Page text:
– Resources availability
• Cost benefit analysis can be applied, companies should always ask the question as to whether the
incremental benefit is justifiable in terms of the incremental cost incurred. The ultimate question is whether
the company can afford the best system available given its requirements.
– Company complexity
• Product as the cost object:
– Number of production processes
– Total indirect costs
– Product diversity
• Customer as the cost object:
– Number of distribution channels
– Steps in distribution system
– Variety in items
– Customer diversity


Economic Value Added or EVA is the economic profit generated after the cost of invested capital. EVA
incorporates the opportunity cost of invested capital that is not realized by traditional accounting measures.
Numerous studies have shown EVA to have a higher correlation to stock valuation than accounting based

EVA = Net Operating Profit after Tax - (Invested Capital x Cost of Capital)

There are two steps required to convert GAAP net income to EVA. First, calculate net operating profit after tax
(NOPAT) by adjusting net income. Common adjustments include extraordinary gains and losses, securities
gains and losses, provision expenses and preferred stock dividends. Second, calculate invested capital and
apply cost of capital. Invested capital includes book value of common and preferred equity, after-tax allowance
for loan losses, and certain adjustments for cumulative non-operating gains and losses. Cost of capital equals
the minimum required rate of return for investors {e.g. 15%). Whenever EVA is positive, shareholders have
received a total economic return on their investment in excess of their required rate of return. .


CFROI is defined as the return on investment expected over the average life of the firm's existing assets.
CFROI is nothing but another form of IRR measure. The key difference between the IRR and CFROI is that
cash flows and investment are stated in constant monetary units in CFROI which overcome deficiencies of the
traditional return on investment methods.

LEVERAGE- Leverage in the general sense means influence of power i.e., utilizing the existing resources to
attain something else. Leverage in terms of financial analysis is the influence which an independent financial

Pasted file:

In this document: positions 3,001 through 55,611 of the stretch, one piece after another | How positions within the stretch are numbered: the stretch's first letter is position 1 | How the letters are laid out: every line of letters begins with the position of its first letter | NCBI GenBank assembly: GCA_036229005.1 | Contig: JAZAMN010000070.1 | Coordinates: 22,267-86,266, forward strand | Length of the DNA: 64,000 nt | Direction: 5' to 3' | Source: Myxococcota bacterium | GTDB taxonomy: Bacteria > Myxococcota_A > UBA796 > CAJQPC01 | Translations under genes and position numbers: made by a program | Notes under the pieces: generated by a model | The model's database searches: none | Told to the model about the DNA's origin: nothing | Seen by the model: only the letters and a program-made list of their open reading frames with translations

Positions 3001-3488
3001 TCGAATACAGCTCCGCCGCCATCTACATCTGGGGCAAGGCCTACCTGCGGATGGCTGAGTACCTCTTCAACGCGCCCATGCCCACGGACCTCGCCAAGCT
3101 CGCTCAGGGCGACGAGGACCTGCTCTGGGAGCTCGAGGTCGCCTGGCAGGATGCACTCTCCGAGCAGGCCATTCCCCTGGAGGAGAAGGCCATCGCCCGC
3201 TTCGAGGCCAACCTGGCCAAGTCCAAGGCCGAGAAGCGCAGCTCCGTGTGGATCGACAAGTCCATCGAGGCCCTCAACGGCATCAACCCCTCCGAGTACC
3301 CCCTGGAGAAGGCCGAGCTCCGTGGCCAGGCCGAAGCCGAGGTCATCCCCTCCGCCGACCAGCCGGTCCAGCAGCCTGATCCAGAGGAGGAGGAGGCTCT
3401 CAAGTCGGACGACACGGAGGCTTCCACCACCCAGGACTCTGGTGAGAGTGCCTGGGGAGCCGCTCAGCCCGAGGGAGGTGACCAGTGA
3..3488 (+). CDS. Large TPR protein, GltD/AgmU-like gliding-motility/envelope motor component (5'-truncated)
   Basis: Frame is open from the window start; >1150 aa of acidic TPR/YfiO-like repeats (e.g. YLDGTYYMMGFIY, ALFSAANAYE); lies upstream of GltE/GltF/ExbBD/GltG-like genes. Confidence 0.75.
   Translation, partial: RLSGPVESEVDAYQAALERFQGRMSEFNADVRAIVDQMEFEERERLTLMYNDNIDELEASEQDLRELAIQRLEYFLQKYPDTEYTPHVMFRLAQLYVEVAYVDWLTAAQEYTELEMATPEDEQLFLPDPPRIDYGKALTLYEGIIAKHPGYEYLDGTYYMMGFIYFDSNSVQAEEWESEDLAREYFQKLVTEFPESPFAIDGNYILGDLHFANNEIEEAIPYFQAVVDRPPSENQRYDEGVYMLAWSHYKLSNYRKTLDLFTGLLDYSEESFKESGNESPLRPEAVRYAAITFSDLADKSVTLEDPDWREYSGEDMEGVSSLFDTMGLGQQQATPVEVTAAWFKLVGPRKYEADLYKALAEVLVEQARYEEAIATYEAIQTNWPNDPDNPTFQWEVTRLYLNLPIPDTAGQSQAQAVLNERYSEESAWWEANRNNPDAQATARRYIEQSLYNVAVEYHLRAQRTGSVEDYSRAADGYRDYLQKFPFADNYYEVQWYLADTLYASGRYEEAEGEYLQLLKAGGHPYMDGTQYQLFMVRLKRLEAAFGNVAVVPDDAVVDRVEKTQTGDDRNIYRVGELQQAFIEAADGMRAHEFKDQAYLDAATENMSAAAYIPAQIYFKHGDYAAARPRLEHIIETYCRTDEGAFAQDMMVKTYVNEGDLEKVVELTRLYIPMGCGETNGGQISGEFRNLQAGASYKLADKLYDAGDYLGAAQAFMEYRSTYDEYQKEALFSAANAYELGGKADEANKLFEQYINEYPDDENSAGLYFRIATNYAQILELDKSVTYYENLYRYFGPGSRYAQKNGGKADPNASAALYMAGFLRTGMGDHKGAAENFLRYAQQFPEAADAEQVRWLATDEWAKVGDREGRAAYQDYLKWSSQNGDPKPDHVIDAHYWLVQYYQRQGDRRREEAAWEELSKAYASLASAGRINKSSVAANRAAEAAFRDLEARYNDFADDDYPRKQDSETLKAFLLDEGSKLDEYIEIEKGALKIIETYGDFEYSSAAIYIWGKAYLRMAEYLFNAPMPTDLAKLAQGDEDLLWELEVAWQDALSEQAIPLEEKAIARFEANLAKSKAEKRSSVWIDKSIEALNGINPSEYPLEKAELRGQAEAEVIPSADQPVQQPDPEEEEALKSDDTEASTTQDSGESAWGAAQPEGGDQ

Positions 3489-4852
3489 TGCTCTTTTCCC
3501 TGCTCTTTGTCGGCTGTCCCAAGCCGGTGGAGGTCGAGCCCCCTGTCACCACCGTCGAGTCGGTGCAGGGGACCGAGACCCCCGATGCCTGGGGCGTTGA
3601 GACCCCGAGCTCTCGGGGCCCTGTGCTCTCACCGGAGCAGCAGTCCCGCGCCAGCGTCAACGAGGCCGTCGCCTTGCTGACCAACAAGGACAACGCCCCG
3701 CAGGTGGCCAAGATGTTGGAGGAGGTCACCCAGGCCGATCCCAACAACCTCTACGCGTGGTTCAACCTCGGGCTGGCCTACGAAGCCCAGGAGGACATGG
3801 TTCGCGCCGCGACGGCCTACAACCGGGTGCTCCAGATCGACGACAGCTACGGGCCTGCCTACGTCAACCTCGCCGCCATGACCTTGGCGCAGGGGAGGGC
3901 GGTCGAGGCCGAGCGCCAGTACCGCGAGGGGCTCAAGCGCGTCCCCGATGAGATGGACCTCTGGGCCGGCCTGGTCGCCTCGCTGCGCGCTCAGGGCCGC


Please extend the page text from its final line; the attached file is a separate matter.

variable has over a dependent/related financial variable. When leverage is measured between two financial
variables it explains how the dependent variable responds to a particular change in the independent variable.
To explain further, let X be an independent financial variable and Y its dependent variable, then the leverage
which Y has with X can be assessed by the percentage change in Y to a percentage change in X.


LY/LX measure of the leverage which dependent Y has with independent X

AX change in X
AY change in Y
A X/X - percentage change in X
AY/Y percentage change in Y

Measures of Leverage

To better understand the importance of leverage in financial analysis, it is imperative to understand the three
measures of leverage.
• Operating Leverage
• Financial Leverage
• Combined/ Total Leverage.

These three measures of leverage depend to a large extent on the various income statement items and the
relationship that exists between them. Given below is the Income Statement of XYZ Company Ltd. and the
relationship that exits between the various items of the statement:

Income Statement of XYZ Company Ltd.

Item Amount (Rs.)

Total Revenue 25,00,000
Less: Variable Expenses (V) 10,00,000
Fixed Expenses (F) 9,00,000
Earnings Before Interest & Tax (EBIT) 6,00,000
Less; Interest on Debt (I) 75,000
Profit Before Tax (PBT) 5,25,000
Less:Tax @ 50% (T) 2,62,500
Profit After Tax (PAT) 2,62,500
Less: Preference dividend (Dp) 50,000
Equity Earnings 2,12,500

Total Revenue = Quantity Sold (Q) x Selling Price (S)


EBIT = QxS-QxV-F = Q(S-V)-F ...(i)

EPS = r(EBIT-I)(l-T)-DJ/N ...(ii)


where N = No. of Equity Shareholders

The above three equations [(i), (ii) and (iii)] which establish the relationship between the various items of the